My rising sixth grader, Maren, has a stuffed koala named Kutie that has been her constant companion for many years. When I scroll through my photostream, Kutie looks like a member of the family. There are dozens of selfies with Kutie. There she is on our beach vacation. She pops up in our family Easter picture.
For the last few years, Kutie has gone to elementary school every day, tucked away in Maren’s backpack. She attends Primary every Sunday. Right now she’s taking a nap in Maren’s bag at the dance studio. If it were up to Maren, Kutie would be her best friend forever, looking a little more threadbare and a little more loved each year.
“Maren, Kutie cannot go to junior high with you,” my older daughter, a high school junior, says. “You can’t put her in your backpack. You can’t keep her in your locker. Kutie has to stay home or it will be social suicide for you.”
The room is quiet. “I know,” she finally whispers.
Maren is skinny and long-legged. She loves to paint her nails and wear lip gloss. This morning, she remembered to brush her hair, and I caught a glimpse of her expertly scrolling through Instagram on her cell phone, and even with Kutie tucked in the crook of her arm, it was to see that she’s poised on the cusp of adolescence.
But she’s not there yet.
“Mom, can I call Ellie to come over and play?” she calls out to me.
“Maren, kids in junior high do not play,” her older brother, a senior, says as he passes through the kitchen, “they ‘hang out.'”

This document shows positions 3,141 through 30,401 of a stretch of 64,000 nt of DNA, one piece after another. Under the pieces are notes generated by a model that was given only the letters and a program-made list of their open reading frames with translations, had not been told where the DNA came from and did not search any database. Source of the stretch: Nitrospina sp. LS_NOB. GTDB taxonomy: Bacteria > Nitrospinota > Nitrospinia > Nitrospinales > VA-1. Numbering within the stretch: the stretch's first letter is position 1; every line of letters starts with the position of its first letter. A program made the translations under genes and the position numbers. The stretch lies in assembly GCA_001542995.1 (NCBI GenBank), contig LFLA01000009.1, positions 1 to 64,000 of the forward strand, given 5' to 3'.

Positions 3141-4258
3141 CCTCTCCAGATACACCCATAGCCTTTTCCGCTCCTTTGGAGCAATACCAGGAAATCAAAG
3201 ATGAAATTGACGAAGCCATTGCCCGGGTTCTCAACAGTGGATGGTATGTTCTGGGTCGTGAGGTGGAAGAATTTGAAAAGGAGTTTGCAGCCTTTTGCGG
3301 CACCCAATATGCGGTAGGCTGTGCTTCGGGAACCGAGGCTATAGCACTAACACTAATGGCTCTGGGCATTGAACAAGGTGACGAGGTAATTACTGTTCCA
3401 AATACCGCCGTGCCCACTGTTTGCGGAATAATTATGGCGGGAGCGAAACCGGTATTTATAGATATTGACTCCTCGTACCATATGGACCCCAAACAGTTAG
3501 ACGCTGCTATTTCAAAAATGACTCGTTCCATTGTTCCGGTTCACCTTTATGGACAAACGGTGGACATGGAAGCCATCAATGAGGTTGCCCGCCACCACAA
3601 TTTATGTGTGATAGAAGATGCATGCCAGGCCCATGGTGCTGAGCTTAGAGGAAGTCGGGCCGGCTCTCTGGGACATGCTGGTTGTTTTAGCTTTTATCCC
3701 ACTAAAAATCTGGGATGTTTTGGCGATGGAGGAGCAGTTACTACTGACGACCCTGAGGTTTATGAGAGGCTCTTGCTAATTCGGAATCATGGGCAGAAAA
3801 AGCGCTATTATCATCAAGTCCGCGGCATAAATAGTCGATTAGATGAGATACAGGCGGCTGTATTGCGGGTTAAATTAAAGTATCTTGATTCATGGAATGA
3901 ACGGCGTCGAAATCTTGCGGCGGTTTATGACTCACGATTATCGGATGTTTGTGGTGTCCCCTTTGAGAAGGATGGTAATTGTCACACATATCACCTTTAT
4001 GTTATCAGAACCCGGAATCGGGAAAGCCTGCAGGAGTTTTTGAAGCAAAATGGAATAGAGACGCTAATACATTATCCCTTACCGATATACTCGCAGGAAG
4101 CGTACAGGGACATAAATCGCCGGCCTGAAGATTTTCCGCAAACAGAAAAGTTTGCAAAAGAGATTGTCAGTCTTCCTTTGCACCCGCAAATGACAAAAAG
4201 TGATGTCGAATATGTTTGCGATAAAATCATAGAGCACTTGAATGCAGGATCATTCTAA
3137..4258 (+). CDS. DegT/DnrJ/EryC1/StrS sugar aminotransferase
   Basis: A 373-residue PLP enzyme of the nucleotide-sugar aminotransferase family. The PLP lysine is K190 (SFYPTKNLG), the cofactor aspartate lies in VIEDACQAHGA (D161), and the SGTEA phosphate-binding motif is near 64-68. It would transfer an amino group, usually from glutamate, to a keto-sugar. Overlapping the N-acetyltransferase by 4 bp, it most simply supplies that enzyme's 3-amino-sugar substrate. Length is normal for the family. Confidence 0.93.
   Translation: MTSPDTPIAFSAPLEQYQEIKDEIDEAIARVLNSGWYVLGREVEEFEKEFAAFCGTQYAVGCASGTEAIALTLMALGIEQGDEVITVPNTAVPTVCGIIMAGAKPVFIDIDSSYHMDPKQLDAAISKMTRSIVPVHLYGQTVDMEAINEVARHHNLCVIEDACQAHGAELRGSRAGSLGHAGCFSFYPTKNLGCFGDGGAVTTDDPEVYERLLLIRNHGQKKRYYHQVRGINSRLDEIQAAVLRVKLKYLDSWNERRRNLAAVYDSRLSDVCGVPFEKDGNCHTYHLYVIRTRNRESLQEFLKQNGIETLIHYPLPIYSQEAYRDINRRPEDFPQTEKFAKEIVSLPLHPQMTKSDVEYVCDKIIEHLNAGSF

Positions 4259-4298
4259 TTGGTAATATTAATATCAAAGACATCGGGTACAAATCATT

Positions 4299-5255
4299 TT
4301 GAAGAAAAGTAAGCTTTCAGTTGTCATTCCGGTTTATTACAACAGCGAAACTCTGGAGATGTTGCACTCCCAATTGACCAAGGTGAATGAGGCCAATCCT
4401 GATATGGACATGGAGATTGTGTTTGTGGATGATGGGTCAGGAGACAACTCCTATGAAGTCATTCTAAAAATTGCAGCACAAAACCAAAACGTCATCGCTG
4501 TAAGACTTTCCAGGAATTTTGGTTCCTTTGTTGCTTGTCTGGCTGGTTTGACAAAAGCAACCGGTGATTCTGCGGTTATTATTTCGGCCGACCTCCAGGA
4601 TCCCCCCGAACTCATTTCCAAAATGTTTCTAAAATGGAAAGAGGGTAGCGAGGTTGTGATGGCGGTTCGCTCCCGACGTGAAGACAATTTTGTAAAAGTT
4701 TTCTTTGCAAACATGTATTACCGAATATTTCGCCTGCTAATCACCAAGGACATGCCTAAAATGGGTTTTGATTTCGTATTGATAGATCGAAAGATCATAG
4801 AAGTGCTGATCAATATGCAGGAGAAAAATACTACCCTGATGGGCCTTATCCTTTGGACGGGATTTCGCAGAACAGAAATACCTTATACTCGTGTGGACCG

Maybe I’m getting hung up in the semantics here, but when Maren and Ellie are holed up in her room for hours rearranging the Barbie dream house, I would call that playing. I’m pretty sure that my older kids would say that now that Maren and Ellie are going to junior high, they shouldn’t even be playing with Barbies any more, even if they love it.
“Would anyone notice if I put Kutie in my locker during the day at school?” Maren asks, the two of us alone in the family room. I’m teacher at the very same junior high where she’ll be a student in a few weeks, so I’m quiet for a few minutes, thinking over the question.
My second son, just a grade older than Maren, pipes in from the other room: “If you had a stuffed animal that you carried around ironically, I think that would be fine, or cool, or whatever. But that’s not what Kutie is.”
But I’m not so sure. Which vestiges of childhood do we forcibly throw off, and which ones do we allow to burn out on their own? What do you think– is there a place for Kutie at the junior high?